Summer 2020 - MBB 243 D100

Data Analysis for Molecular Biology and Biochemistry (3)

Class Number: 2603

Delivery Method: In Person


  • Course Times + Location:

    May 11 – Jun 22, 2020: Tue, Thu, 8:30–10:20 a.m.

  • Prerequisites:

    MBB 222 and MATH 152 or MATH 155. STAT 201 (or an equivalent statistics course) or STAT 270 is recommended.



Introductory data analysis focusing on molecular biology data sets and examples and including basic programming skills using Python and basic statistics skills using R.


The purpose of this introductory data analysis course is to teach students in molecular biology or any students who will analyze molecular data, basic knowledge of molecular biology data types, data analysis methods including basic programming skills using Python, and basic statistics skills using R.


Lecture 1 Molecular biology data and data analysis.
Lecture 2 Molecular sequences: features & composition.
Lecture 3 Gene splicing and GFF data format.
Lecture 4 Sequencing analysis using Biopython.
Lecture 5 Quantitative DNA analysis using Python conditional test.
Lecture 6 Searching for restriction sites in DNA sequences.
(Midterm exam)
Lecture 7 Searching for sequence features in protein sequences.
Lecture 8 Genetic code and DNA translation.
Lecture 9 Quantitative analysis of genes using R.
Lecture 10 Analyzing genomics big data using R data frame.
Lecture 11 Genome annotation using R data frame and R graphics.
Lecture 12 Genome analysis using Bioconductor.
(Final exam)


Lab 1Learning Python: printing and manipulating sequences.
Lab 2Reading and writing sequence files.
Lab 3Lists, loops, reading large sequence files.
Lab 4Writing our own functions for processing sequences.
Lab 5Quantitative DNA analysis using Python conditional test.
Lab 6Using regular expressions to search for sequence features in DNA sequences.
Lab 7Using regular expressions to search for sequence features in protein sequences.
Lab 8Translating DNA sequences using Python dictionaries.
Lab 9Learning R: molecular data analysis and presentation.
Lab 10Working with genome-scale sequences.
Lab 11Using R data frames and R graphics
Lab 12Technical review


  • In class lab tasks: In each lab, there is a list of tasks that should be accomplished in class. Results are submitted by the end of each lab. 20%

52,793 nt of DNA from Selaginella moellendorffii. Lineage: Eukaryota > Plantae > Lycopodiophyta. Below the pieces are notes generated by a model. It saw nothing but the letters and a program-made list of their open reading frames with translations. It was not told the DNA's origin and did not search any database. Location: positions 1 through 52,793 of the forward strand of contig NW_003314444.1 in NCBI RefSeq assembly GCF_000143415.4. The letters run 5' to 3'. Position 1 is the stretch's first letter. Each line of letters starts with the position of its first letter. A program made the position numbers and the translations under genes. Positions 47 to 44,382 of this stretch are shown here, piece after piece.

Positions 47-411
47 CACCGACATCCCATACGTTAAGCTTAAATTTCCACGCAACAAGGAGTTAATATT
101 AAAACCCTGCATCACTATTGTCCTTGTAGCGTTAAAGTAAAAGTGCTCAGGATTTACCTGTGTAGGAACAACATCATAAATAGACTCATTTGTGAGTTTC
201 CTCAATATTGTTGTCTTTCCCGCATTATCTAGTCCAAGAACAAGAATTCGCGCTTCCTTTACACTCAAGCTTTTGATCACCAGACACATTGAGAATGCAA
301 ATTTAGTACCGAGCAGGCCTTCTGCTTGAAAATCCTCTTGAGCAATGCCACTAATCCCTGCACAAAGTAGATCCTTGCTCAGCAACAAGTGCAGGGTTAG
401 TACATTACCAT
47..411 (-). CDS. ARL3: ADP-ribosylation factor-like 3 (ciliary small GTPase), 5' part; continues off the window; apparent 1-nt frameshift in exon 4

• Lab assignments: Short assignments will be handed out in lab sessions and will be due at the start of your lab one week later, unless indicated otherwise. There is a 10% per day late penalty for assignments received after the due date time. 35%
  • Midterm and Final exams - a mixture of multiple choice, short answer and written questions. (10% for midterm exam and 30% for final exam) 35%
  • Participation 10%


Students with credit for CMPT 102, 120, 125, 126, 128 or 130 may not take this course for further credit.



Python for Biologists.  Martin Jones.  2013. CreateSpace Independent Publishing Platform.
ISBN: 978-1492346135

Department Undergraduate Notes:

  • For help with writing, learning and study strategies please contact the Student Learning Commons at
  • Students requiring accommodations as a result of a disability, must contact the Centre for Accessible Learning (778-782-3112 or e-mail:

Registrar Notes:


SFU’s Academic Integrity web site is filled with information on what is meant by academic dishonesty, where you can find resources to help with your studies and the consequences of cheating.  Check out the site for more information and videos that help explain the issues in plain English.

Each student is responsible for his or her conduct as it affects the University community.  Academic dishonesty, in whatever form, is ultimately destructive of the values of the University. Furthermore, it is unfair and discouraging to the majority of students who pursue their studies honestly. Scholarly integrity is required of all members of the University.


Please note that all teaching at SFU in summer term 2020 will be conducted through remote methods. Enrollment in this course acknowledges that remote study may entail different modes of learning, interaction with your instructor, and ways of getting feedback on your work than may be the case for in-person classes.

Students with hidden or visible disabilities who believe they may need class or exam accommodations, including in the current context of remote learning, are encouraged to register with the SFU Centre for Accessible Learning ( or 778-782-3112) as soon as possible to ensure that they are eligible and that approved accommodations and services are implemented in a timely fashion.